ROOM, drama, rated R, Regal DeVargas, 3.5 chiles
When you first read the plot summary for this film, you might think, “Um, no thanks.” It’s the harrowing tale of a young woman named Joy (Brie Larson), who has been kidnapped and held captive in a grungy 11-by-11-foot garden shed for several years. During that time, her captor, a man she refers to only as Old Nick (Sean Bridgers), has demanded sex in exchange for food, water, and electricity; Joy now has a son, Jack (Jacob Tremblay), who is turning five as the film opens. That’s no one’s idea of a feel-good story, and in less capable hands,
Room could easily have been dark, melodramatic, or sensationalist. But director Lenny Abrahamson’s adaptation — with a screenplay by Emma Donoghue, author of the 2010 novel on which the film is based — is both suspenseful and deeply moving. It’s a gripping tale of survival, a tender depiction of a devoted mother and an imaginative boy who save each other.
Every day, Joy (or Ma, as Jack calls her) and Jack follow a pleasant seeming routine: they wake, they eat, they brush their teeth, they exercise, they clean, they read, she sings, and they sleep. “Room,” as he calls it, is the only world Jack has ever known — thanks to thoughtful camerawork, you may not at first fully grasp just how small that space is — and he addresses the objects that surround him (Lamp, Sink, Plant, Table, Bed) as if they are his friends.
A storyline as spare as this depends on strong performances, and we get them. Larson is sincere and restrained; she conveys worlds with glances and with the way she sits and stands. Tremblay is remarkable and real — enchanting without a whiff of Precocious Child Actor demeanor. The chemistry between the two is natural and utterly believable.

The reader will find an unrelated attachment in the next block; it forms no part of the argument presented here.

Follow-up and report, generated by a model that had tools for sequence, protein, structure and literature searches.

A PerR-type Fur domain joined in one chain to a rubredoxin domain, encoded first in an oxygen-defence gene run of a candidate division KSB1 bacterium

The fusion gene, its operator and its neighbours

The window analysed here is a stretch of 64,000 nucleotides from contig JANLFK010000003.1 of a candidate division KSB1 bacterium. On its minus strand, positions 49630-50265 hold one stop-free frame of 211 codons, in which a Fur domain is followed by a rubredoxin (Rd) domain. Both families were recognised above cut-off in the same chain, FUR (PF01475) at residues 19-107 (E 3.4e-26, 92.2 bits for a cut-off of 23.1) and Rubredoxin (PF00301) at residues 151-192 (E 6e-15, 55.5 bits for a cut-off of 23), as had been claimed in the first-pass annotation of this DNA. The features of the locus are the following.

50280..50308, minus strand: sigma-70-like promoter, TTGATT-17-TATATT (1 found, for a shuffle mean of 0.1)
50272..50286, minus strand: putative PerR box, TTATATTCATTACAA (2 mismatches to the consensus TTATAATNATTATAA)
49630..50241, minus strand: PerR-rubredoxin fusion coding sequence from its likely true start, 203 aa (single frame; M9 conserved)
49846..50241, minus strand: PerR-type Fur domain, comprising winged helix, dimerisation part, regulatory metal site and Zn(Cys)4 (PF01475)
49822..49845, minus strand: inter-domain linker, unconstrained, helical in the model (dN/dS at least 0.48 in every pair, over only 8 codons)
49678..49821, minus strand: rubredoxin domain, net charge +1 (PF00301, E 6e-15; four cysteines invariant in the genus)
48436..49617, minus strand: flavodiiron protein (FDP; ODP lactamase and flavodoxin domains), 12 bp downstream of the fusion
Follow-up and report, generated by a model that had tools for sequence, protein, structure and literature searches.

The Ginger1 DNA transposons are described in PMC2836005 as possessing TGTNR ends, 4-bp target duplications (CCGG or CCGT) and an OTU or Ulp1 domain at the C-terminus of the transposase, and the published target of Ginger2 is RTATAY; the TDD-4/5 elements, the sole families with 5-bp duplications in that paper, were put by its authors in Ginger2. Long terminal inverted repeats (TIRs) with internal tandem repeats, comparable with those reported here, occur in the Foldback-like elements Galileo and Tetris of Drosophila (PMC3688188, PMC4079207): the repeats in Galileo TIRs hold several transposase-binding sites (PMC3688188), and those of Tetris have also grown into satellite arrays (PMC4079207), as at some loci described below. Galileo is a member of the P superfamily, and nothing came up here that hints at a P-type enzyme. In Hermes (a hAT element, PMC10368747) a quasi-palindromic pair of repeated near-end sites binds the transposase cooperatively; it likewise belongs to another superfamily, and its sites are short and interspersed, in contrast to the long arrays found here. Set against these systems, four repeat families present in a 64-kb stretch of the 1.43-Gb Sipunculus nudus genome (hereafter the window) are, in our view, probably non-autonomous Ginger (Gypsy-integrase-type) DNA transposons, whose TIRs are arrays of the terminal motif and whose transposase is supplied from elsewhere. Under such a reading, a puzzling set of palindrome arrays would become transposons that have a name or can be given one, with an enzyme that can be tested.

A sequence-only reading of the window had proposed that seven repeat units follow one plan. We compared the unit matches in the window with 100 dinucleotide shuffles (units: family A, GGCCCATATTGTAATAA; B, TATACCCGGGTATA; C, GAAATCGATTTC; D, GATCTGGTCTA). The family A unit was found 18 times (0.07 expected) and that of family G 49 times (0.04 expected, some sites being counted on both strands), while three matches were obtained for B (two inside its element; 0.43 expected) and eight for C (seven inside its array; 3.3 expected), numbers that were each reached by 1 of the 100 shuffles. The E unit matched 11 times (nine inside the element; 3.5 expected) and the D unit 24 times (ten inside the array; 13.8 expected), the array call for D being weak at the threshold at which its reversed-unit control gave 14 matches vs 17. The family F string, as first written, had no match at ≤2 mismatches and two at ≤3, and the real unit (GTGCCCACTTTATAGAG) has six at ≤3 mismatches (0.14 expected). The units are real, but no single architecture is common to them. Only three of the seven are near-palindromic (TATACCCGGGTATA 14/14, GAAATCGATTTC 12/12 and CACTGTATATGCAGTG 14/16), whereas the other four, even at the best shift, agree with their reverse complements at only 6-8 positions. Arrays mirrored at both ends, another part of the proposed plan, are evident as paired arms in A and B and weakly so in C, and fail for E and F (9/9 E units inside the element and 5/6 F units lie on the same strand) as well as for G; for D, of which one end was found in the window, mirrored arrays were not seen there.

Even if you’ve read Donoghue’s book, you’ll be transfixed by this film — its midpoint in particular is pulse-pounding. Rather than spoil anything, though, let’s just say that during the second act, we meet some new characters, played by a terrific Joan Allen, an even-keeled Tom McCamus, and an oddly underused William H. Macy. The tone shifts, but the story remains compelling, rich, and moving.
Room teeters on the brink of sentimentality when it uses Jack’s words of childlike wonder in semi-poetic voiceover, but it otherwise resists the temptation of a tidy resolution. Life is messy, it reminds us, and weathering one trauma doesn’t guarantee smooth sailing from there on. What helps us survive loss and eventual reawakening are the bonds between us and a recognition of the beauty of the small things around us.
Small pleasures: Jacob Tremblay and Brie Larson